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Enbridge Line 5 relocation case must include review of a proposed tunnel

This Enbridge boat is one of several on standby in the event of an oil spill.
Lester Graham
Michigan Radio

The oil pipeline company Enbridge pushed to limit what a state regulator could consider regarding relocating the Line 5 twin pipelines across the Straits of Mackinac.

Enbridge did not want the Michigan Public Service Commission to consider a proposed tunnel under the Straits of Mackinac which would house a new section of Line 5.

A state administrative law judge ruled you can’t really separate a decision about relocating the pipeline without considering the tunnel.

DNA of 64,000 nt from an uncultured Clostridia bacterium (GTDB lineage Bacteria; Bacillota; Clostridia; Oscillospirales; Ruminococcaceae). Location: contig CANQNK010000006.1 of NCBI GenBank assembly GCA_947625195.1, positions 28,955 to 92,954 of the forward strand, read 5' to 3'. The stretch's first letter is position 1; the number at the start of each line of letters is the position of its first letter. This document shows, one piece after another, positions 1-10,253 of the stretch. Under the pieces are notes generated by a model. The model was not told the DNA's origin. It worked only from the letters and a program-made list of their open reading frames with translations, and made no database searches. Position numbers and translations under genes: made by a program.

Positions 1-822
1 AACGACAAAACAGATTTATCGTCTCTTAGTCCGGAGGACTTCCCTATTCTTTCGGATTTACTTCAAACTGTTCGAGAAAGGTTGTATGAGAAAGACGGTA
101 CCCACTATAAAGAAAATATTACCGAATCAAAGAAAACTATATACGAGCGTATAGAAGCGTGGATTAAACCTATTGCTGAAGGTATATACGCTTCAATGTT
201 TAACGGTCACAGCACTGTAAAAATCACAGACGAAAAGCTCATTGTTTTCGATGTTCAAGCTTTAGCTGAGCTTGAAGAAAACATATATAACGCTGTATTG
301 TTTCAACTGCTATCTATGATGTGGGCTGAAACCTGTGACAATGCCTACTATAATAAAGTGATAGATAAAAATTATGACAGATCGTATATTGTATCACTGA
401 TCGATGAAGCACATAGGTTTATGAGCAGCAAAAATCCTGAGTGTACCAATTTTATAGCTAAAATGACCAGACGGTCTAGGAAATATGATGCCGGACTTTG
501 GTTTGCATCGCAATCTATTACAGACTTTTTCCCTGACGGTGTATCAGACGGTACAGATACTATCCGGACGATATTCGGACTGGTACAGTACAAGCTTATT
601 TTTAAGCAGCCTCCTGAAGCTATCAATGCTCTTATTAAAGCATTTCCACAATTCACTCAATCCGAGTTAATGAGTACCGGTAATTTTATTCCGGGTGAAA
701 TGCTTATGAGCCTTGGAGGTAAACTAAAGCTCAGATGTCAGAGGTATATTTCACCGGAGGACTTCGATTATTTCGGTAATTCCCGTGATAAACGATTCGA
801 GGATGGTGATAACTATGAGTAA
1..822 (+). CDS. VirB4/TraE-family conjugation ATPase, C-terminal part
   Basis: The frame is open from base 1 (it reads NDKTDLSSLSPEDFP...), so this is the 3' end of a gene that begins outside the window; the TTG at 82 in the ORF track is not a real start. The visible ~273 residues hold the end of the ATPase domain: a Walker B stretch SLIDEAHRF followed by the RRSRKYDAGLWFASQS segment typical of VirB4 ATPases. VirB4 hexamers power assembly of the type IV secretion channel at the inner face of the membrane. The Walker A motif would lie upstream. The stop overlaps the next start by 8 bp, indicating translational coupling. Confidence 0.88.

Environmentalists applauded that ruling, but were disappointed the judge ruled the commission should not consider the oil pipeline’s effect on climate change as part of its deliberation.

“We believe Enbridge should be held directly accountable by the MPSC for climate impacts,” the group Oil and Water Don’t Mix said in a statement.

The judge also rejected Enbridge’s contention that the tunnel doesn’t need to comply with the Michigan Environmental Protection Act. But, the judge said that should not be part of the Public Service Commission’s case. Instead, that should be left to the Michigan Department of Environment, Great Lakes, and Energy.

A statement from Enbridge said it appreciates the judge’s decision “to limit the scope of the case to the relocation of the replacement pipeline within the Great Lakes Tunnel.”

Editors note: Enbridge is a corporate sponsor of Michigan Radio.

Lester Graham reports for The Environment Report. He has reported on public policy, politics, and issues regarding race and gender inequity. He was previously with The Environment Report at Michigan Public from 1998-2010.
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